HARRISBURG, Pa. - An appeals board upheld a condemnation order against the McFarland building, which was impacted by two collapses of a wall adjacent to the Mulberry Street bridge.
Attorneys for the building and the city argued before the Building and Housing Code Board of Appeals for about an hour Thursday, but it maybe took a few minutes of deliberation by that board to unanimously uphold the order by a 4-0 vote.
Undeterred by the ruling, attorneys for the McFarland acknowledged this is the first step in what is expected to be a long process to figure out who is ultimately liable for clean-up at the site.
"The board had a very limited mandate tonight to decide whether or not the condemnation order was properly issued," Adam Klein, the lead attorney for the property owners, said. "We disagree that this is something that's in danger to the health and public safety, but the board made their decision and we'll certainly respect that."
Much of the hearing was narrative testimony from assistant codes administrator Art Emerick, who rehashed all of the events dealing with this situation since the wall collapsed the first time on May 5th.
One intriguing exchange happened during cross-examination of Emerick by Klein, who asked Emerick point blank if he thought PennDOT, which completed work on the bridge and the wall in 2015, was to blame for the collapse. City Solicitor Neal Grover objected and the board sustained the objection, keeping Emerick from answering the question. It tipped the hand of who McFarland believes should be ultimately held liable.
"After PennDOT's massive work on the wall, removing lateral supports, jackhammering, curing concrete, thousands of gallons of water, all of a sudden it collapses, we believe that once we get the appropriate time to do more formal investigation, it'll be clear that PennDOT is responsible for this collapse," Klein said after the hearing.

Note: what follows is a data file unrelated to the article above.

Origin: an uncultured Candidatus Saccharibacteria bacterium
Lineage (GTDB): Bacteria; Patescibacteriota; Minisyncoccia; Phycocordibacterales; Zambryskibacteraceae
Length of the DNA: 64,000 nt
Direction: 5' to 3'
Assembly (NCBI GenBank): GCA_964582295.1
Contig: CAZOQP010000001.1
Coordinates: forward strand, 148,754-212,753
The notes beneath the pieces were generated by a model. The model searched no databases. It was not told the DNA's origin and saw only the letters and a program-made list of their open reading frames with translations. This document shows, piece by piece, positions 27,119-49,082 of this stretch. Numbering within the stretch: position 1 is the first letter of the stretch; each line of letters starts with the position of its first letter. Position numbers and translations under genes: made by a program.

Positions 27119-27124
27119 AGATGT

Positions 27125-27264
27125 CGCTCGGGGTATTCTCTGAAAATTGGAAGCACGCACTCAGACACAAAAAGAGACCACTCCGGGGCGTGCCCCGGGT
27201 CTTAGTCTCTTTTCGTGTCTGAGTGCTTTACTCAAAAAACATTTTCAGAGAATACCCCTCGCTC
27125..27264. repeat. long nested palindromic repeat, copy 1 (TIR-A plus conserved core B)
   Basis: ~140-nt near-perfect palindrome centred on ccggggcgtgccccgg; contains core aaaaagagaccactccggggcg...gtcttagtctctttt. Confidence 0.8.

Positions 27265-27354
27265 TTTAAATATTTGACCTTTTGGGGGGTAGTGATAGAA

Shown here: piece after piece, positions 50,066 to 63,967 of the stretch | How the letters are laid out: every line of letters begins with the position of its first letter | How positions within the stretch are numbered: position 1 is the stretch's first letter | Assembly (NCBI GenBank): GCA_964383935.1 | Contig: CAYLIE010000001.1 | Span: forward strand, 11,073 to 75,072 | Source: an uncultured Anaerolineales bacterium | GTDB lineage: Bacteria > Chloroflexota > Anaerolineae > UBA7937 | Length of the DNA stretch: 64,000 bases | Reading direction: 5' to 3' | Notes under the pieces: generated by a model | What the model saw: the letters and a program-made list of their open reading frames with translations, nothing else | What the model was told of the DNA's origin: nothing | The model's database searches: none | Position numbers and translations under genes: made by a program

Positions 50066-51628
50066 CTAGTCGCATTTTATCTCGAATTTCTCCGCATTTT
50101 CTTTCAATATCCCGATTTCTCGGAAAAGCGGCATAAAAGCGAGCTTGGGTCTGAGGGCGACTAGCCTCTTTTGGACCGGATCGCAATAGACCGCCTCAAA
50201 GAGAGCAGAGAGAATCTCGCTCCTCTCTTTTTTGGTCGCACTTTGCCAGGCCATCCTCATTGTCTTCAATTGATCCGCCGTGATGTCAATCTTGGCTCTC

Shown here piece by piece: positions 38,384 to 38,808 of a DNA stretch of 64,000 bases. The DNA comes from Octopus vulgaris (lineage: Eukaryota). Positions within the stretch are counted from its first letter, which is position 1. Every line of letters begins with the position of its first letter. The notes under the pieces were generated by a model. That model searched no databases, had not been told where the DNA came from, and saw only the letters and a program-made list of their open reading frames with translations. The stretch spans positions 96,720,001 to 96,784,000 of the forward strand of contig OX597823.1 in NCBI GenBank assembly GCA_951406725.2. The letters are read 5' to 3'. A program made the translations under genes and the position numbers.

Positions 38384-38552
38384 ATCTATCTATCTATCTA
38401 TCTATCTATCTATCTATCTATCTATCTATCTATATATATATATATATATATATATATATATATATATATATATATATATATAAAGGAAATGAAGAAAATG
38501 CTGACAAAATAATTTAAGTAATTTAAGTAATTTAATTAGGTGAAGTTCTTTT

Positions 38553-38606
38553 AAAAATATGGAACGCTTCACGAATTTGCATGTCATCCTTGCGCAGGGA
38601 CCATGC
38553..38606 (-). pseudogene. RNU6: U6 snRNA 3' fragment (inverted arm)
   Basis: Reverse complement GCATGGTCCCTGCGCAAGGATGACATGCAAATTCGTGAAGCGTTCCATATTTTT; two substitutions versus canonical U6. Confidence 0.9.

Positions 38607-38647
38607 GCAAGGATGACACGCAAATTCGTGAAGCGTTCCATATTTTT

PennDOT has repeatedly denied any liability in the matter, citing an internal investigation that claims the department committed no wrongdoing.
Howard Henry, the tire shop owner who was forced to shut down his business earlier this month in the aftermath of the wall collapse, says he has unsuccessfully attempted to bring all the involved parties to the table.
"Everybody's run [sic] from the wall, but nobody's come to the table to say hey, what does that mean?" Henry said. "We have multiple parties involved, but no one is saying let's just sit down and talk about what does it mean that the wall fell?"
Klein stated in the hearing that no clean-up activity at the site has happened because the property owners are concerned that would affect the outcome of an insurance claim made by the owners, and it is unlikely any clean-up activity will take place anytime soon.
"We just don't have the funds to do that," Klein said. "We just don't have the funds to clean up this project, which is going to be a multi-million dollar cleanup."
Klein said he would not commit to appealing the order further, but it is believed the property owners will take this to Dauphin County court in the next few days.
The appeals board will present its findings in writing to the McFarland owners within 30 days and from that point, the owners would have a set amount of time to comply with the condemnation notice unless they appeal.